I have somehow been a greenhorn forever when it comes to greening of the planet… I have tried and failed mostly to nurture even a small plant, though my love for trees goes before time begani.e. before my memory started recording impressions.
This story concerns the golden period of my life, circa 1993-95, when we were stationed at the world’s Greenest Capital, i.e. Gandhinagar. I still feel, I had been transported to heaven, the three years that we spent living in midst of a million plus trees in a city with barely a quarter million souls sharing all this abundance. For those who have never been to what is perhaps the best planned city in the world, which runs with clockwork efficiency and nary a stray plastic bag or stinking garbage can be seen. However the government’s job is to rule us unruly subjects, so often, I would watch with apprehension and diffidence, as hundreds of young frees would be chopped off now and then… from the ‘green’ portions of each sector.
” Why do they do that?” I asked my Mr. Know-all driver who had an answer for any question. ” The cops feel thieves hide in the thickets sir,’ he said but the smile hovered on his lips so I gave him another questioning look. He added : ” Ahem, in the evening sir, love-birds use these thickets as safe rendezvous points.”
Gandhinagar was then a city planned with 34 sectors, though only 29 sectors were built. Each one was exactly 0.75KM in size, with a few bungalows, one small shopping centre, one dispensary, one school, one religious place ( temple, church, mosque…) and properly tarred roads, sheer paradise for walkers and joggers who would stream onto the parks. Yes, and one park each for every sector. The two of the largest parks were in sector 28, just opposite ours, and the other was in sector 24 where the world famous Swaminarayan Temple stood in all its magnificent glory and attracted hordes of visitors. As the highway passed through the city, most of us walkers avoided the main arterial road, often spilling over to either the river side, the Sabarmati river flowed close by, or towards the village Manasa, where even the Neel-gai (blue bulls) hordes would come close to the industrial estate and watch us, as we watched them.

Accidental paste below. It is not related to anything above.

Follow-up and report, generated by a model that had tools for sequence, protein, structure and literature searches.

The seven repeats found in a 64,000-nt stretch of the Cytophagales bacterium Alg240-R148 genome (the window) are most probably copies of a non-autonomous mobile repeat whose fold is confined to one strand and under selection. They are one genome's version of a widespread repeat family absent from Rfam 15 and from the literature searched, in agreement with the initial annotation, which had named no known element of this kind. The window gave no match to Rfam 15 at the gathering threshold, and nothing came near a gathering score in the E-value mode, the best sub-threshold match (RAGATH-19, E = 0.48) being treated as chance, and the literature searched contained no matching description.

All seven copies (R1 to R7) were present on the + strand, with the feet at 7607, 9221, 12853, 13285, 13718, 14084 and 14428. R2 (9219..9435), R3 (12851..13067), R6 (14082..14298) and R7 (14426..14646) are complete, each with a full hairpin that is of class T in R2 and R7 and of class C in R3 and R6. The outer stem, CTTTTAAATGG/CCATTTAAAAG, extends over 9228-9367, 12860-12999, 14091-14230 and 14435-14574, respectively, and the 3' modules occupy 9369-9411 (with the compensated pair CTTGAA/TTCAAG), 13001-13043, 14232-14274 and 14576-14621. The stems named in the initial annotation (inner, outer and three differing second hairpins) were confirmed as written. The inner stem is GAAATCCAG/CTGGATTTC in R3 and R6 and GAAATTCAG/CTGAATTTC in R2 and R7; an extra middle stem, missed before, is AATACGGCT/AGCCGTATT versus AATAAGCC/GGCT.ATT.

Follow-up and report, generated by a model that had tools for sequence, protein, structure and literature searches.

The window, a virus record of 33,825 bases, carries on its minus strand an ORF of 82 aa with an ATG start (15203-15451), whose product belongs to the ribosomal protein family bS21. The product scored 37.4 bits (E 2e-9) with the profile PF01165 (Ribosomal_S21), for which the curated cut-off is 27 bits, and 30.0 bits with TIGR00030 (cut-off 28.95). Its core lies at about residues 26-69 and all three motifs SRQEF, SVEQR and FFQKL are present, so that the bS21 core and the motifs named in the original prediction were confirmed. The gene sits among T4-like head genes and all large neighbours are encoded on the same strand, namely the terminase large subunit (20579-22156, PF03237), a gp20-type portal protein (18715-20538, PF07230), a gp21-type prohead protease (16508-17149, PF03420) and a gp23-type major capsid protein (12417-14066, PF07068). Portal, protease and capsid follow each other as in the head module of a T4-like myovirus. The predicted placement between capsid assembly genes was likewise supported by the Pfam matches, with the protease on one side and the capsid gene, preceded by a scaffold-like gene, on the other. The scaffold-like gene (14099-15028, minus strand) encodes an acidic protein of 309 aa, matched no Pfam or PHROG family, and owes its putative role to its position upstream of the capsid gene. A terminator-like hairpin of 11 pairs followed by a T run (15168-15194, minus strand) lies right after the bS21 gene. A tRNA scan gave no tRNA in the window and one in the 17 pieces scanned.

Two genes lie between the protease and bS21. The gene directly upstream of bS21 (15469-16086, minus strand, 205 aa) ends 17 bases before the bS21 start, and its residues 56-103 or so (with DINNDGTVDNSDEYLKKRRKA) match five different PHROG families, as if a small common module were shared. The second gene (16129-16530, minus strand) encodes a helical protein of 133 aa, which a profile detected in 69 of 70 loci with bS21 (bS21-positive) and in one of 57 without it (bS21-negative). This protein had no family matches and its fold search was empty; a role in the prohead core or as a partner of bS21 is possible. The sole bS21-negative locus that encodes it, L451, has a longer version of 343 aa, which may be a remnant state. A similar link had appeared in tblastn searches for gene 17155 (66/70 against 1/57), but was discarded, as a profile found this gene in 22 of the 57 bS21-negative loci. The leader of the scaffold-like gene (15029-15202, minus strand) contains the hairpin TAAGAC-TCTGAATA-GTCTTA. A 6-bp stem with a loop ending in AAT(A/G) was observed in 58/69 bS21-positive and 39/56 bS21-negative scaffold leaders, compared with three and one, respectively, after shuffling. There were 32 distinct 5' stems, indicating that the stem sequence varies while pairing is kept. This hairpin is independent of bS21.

I had a decent little garden of my own in the rented bungalow. My wife is an expert gardener and she brought it to sparkling life soon. I would religiously water the entire garden, and often wonder if I too should plant a seed, and nurture a plant? On a wild impulse, I chose a patch outside our bungalow, close to the four foot high wall. The idea was, I could put the water hose through a hole in the wall and water the budding plant. The golden moment came, when I was eating an orange. On another impulse, I planted a few orange seeds, marking the place efficiently. I watered it for weeks and nothing except wild grass grew. Then one fine morning a tiny plant showed up. Just two tiny leaves, and I put up all sorts of thorny branches from bramble bushes to save it from stray cows, goats and even rampaging kids. We had hordes of kids marauding the gardens, so I would chase them away, the moment they showed up.
In a fortnight my orange plant was a few centimetres tall. I became darker green, it grew sturdier. Within a few months, it became almost a foot high. I still kept the crude fencing around it. Somehow it became a sort of an anchor for me. Every evening, back from work, after parking the car, I would go out and see how many new leaves had sprouted, if there were any signs of germs or bacteria discolouring them, if the stem was okay…. every morning after waking up, long before sunrise, I would go and steal a peek at it. In my rituals -visiting my own plant, there was a curious mix of affection, fear (lest someone chop it down, eat it up…), religiosity -because I kept coming back at fixed intervals, even taking one last look at it using a torch at midnight.
Sadly, the company promoting my project ran into labour trouble. The writing on the wall was clear, within a few months my own employees would be forced to look elsewhere for work. They left one by one. I too looked around and found a suitable job at Pune. But I managed to stay back till the last piece of machinery was sold, and the last debt cleared.
One day we too packed up and left. Yes, the last thing I did was go to my orange plant, and shed a tear. I didn’t know how to care for it, I mean taking it with me, on a long journey and re-planting it may have worked but I had too many human troubles hounding me to think constructively. Strange but today after nearly 17 years, I have never gone there to take a look at what may have died out. Or may have grown into a large tree.
(c) Max Babi